Internal knots were created for all trees by multivariate polynomial regression models based on the sample whorl measurements. The following models were generated to predict the relative diameter of internal knots, in comparison with the diameter of each knot on the tangential surface of tree without bark (Eq. (2), Verkasalo et al. 2001b), and, for dry knots and knot bumps, the relative distance from point of death for internal knots from the tangential surface of tree under bark, in comparison with the radius without bark (Eq. (3), Verkasalo et al. 2001b):
[Y.sub.1] = 0.270 + 1.119[X.sub.1] + 0.4053[X.sup.1.sub.2] - 0.7347[X.sup.3.sub.1] - 0.1945[X.sub.2]
N = 4218, [r.sup.2] = 0.74, [S.sub.E] = 0.139 (2)
[Y.sub.1] = relative diameter of knot, in comparison with the diameter of each knot on the tangential surface of tree (without bark)
[X.sub.1] = for green knots, relative distance from the tangential surface of tree (without bark), in comparison with the radius (without bark); for dry knots, relative distance from the point of death, in comparison with the distance from the pith to the point of death
[X.sub.2] = relative height in a tree, in comparison with the total height from the felling height to the tip
[Y.sub.2] = 0.5188 - 0.5479[X.sub.1] +
0.001373[X.sup.-1.sub.1] - 8.0212 * [l0.sup.-6][X.sup.-2.sub.1] +
5.293 * [10.sup.9][X.sup.-3.sub.1] - 0.01165[X.sub.2] +
0.7879[X.sup.-1.sub.2] - 0.5353[X.sup.-2.sub.2]
N = 2320, [r.sup.2] = 0.54, [S.sub.E] = 0.133 (3)
[Y.sub.2] = relative distance of point of death from the tangential surface of tree under bark, in comparison with the radius (without bark)
[X.sub.1] = relative height in a tree, in comparison with the total height from the felling height to the tip
[X.sub.2] = knot diameter on the tangential surface of tree (without bark)
So far, the frequency or maximum diameter of sound and dead adventive knots in different radial zones could not be predicted satisfactorily by tree or stand factors. This was probably due to two factors: 1) obviously, their start and death are not regulated by the variables measured in the study material; and 2) for technical reasons, logs could not be rotary-cut to diameters less than 8 cm. Instead, the frequency of sound and dead adventive knots at different heights could be predicted by DBH and diameter at the particular height. These relationships were used to create internal adventive knots.
Simulating cross-cutting trees and sawing logs
The predicted stems were bucked theoretically to logs by particular simulating programs for this research (Verkasalo et al. 200 la,b). In this study, the conventional dimensions of sawlogs were used: six lengths (4.3 to 5.8 in), minimum top diameter 16 cm (on the bark); small-dimensioned sawlogs: one length (4.3 in), minimum top diameter 12 cm (o.b.); pulpwood: minimum length 3 m, minimum top diameter 7 cm (o.b.).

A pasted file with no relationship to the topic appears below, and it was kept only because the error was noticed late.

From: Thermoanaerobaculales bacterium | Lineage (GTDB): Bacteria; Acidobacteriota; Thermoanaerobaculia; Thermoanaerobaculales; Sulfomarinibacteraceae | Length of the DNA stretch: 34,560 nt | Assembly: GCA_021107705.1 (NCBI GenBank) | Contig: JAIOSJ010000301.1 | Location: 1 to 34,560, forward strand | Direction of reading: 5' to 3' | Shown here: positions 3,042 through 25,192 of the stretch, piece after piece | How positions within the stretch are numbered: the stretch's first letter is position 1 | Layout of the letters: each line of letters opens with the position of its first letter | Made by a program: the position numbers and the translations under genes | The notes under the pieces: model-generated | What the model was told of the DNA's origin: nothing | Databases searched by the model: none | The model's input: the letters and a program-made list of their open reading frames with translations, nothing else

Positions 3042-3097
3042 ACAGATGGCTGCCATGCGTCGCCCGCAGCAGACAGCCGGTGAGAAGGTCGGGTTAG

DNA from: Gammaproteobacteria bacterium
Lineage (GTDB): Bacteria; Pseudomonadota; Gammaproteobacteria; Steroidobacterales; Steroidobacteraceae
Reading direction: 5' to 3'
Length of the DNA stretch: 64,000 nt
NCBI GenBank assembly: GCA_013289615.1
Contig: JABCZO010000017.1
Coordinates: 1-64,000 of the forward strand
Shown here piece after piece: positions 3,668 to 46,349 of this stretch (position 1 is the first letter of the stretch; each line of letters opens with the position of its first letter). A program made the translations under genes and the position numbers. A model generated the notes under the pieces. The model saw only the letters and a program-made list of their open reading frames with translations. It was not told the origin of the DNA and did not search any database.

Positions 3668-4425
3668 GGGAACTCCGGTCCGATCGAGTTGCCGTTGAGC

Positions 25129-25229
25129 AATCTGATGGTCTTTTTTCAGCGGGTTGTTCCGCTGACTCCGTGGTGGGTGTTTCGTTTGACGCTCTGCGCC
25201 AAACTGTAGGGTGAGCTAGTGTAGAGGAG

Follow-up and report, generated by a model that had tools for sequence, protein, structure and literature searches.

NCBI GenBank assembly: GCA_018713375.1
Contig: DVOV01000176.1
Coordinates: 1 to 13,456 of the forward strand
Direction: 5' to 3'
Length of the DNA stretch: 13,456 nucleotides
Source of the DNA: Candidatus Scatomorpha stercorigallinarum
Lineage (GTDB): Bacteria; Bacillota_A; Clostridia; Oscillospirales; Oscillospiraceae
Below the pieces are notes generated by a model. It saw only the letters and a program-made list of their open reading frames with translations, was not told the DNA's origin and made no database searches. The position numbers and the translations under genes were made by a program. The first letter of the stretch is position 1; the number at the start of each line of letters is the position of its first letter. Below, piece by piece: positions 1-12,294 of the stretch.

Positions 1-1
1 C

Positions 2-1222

The logs were theoretically sawn by simulating computer programs, by using sawing patterns of a traditionally operating large sawmill (Verkasalo et al. 2001 a,b). Primary sawing is based on cant chipper and band sawing techniques. Sawing direction was determined according to the minimum and maximum diameter of the log.
Lumber grading and pricing, determining the gross value of trees
The simulated sawn goods were fresh-graded according to the rules of the Nordic Timber Grading Rules (1994) (Verkasalo et al. 2001a,b). For grading, knots generated into the trees were projected on the faces and edges of each piece of lumber for the diameter and quality of the knot. Zones of heartwood and compression wood were placed within each piece of lumber as well. Grade for each piece of lumber was determined by using dimension, knottiness, compression wood, and wane. The simulated sawn goods were priced by using dimension and grade, in accordance with the price list of a particular sawmill. The average prices of the lumber grades from the years 1994 and 1995 were used. Sideproducts were priced according to the actual market prices for each sawmill at that time.
These procedures produce grade distribution of lumber, and gross value of lumber, chips, sawdust, bark and pulpwood. These data were used to compute the gross value of trees.
Non-parametric estimation methods
The non-parametric estimation methods used in this study are based on distance-weighted nearest neighbors estimation, where the search for similar reference trees is done by using easily measurable mean stand and tree variables. Reference trees are used to characterize the target tree properties (Fig. 2). The distance measure of similarity is needed to compare different trees and their characteristics and is calculated for each stand. In the estimation phase, differences across all reference trees are calculated and properties are formed using chosen neighbor trees.
The variables describing a tree used in the similarity distance function were chosen with two different principles. In the first model, the model has been constructed with the concept that information on a tree and its surroundings can be measured (Table 2). In the second model, this kind of treewise information is not available, but the stand characteristics are known. However, in the standwise model, diameter distribution is expected to be measured or estimated as well as tree heights.